OAKLAND, Calif., April 8, 2014 (GLOBE NEWSWIRE) -- To date, 26 states and the District of Columbia have some form of marijuana legislation and/or decriminalization, with 13 states pending legislation to legalize medical marijuana. According to a Pew poll released last month, 75% of Americans believe marijuana legalization is inevitable. And yet, over 20 million Americans—disproportionally minorities—have been arrested for marijuana offenses since 1965. Some of them are still in prison or on probation, but most have already served their criminal sentences. Steve DeAngelo, founder and executive director of Harborside Health Center, is one. In an Op Ed piece posted on March 28 by The Huffington Post entitled, "War On Cannabis is Winding Down: It's Time to Build Bridges," Steve describes his conviction in 2001 for possession of marijuana—its more recent negative ramifications in Boston media, and the need for change in criminal marijuana prohibition.
At the time of his arrest in Maryland, Steve was in possession of a medical cannabis recommendation written by a licensed doctor in California. He since went on to found Harborside Health Center, the nation's gold standard for legally compliant cannabis distribution in Oakland and San Jose, Calif. But Steve's 13-year-old offense has caused some dissension recently in Massachusetts, undermining his decades of experience and threatening to derail his ability to provide safe access to patients. As cannabis legislation takes hold across the country, what happens to those convicted of non-violent cannabis charges?
As Steve writes:
"The exclusion of these millions of well-qualified people from employment, professional licensing and educational benefits will inevitably hurt society as a whole. What should society do when it recognizes it has been enforcing an unjust law, and what should happen to people who have been convicted for violating that law? Should they continue to be punished with denial of voting rights, employment, business opportunities, and other civil rights and privileges?"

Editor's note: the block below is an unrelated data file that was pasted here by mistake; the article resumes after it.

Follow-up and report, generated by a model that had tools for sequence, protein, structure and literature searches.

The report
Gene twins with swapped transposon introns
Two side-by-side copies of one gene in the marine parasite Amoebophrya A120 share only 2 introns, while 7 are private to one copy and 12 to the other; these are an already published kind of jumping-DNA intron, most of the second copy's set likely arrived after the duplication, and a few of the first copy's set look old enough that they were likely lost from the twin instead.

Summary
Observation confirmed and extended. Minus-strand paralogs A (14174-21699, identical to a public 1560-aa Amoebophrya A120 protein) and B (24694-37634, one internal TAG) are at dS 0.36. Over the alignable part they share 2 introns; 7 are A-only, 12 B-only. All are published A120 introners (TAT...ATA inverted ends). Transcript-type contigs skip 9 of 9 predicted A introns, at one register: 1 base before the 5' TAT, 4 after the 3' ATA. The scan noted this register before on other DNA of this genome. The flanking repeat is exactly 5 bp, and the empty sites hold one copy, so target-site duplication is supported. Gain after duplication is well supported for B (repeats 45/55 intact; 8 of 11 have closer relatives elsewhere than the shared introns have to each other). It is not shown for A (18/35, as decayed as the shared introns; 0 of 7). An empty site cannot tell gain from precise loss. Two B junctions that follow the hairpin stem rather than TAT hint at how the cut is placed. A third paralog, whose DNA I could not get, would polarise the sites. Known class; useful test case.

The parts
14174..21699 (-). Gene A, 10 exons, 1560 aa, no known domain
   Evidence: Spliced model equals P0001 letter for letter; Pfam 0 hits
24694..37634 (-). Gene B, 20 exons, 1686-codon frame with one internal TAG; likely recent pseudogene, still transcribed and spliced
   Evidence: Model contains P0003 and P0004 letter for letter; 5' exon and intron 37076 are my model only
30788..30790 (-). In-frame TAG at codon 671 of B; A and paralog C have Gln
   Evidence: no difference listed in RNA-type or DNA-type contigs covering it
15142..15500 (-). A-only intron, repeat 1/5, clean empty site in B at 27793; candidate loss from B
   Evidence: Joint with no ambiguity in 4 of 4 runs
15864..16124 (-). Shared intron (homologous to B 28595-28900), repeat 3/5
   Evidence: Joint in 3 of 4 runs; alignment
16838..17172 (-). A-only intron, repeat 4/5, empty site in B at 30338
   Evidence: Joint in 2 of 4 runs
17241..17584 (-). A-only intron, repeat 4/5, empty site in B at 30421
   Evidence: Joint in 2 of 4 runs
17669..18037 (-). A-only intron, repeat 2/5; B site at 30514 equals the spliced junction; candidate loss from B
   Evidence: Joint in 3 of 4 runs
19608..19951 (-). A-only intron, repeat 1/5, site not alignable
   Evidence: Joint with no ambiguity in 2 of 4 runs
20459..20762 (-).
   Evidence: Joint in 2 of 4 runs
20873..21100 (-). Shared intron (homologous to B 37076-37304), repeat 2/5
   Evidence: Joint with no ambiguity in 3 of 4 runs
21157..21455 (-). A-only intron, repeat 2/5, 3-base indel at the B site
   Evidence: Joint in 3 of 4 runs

Now that a majority of Americans live in states that have reformed cannabis laws, writes Steve, "the only smart and decent thing to do is to fully restore the civil rights, privileges -- and reputations -- of those convicted during the years of prohibition. With the war on cannabis winding down, it's time to build bridges of unity, not walls of separation."
About Harborside Health Center:
Founded by national cannabis leader, Steve DeAngelo, in 2006, Harborside Health Center is the nation's largest, not-for-profit, model medical cannabis dispensary. The San Jose and Oakland medicinal cannabis collective offers its 130,000 registered patients free holistic healing services, lab-tested medicine and education. Harborside was featured on the Discovery Channel miniseries, "Weed Wars," in December 2011, on the premiere episode of CNN's "Inside Man," hosted by Morgan Spurlock in June 2013, and in Fortune Magazine's cover story, "Yes We Cannabis," in April 2013. DeAngelo also co-founded the nation's first cannabis-testing facility, Steep Hill Labs, and the country's first cannabis investment firm, The Arc View Investment Group.
"Out of the shadows and into the light" epitomizes DeAngelo's mission to enlighten the public on the many medicinal and therapeutic benefits of the cannabis plant and actively works to empower the country to change its image of medical marijuana.
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Source:Harborside Health Center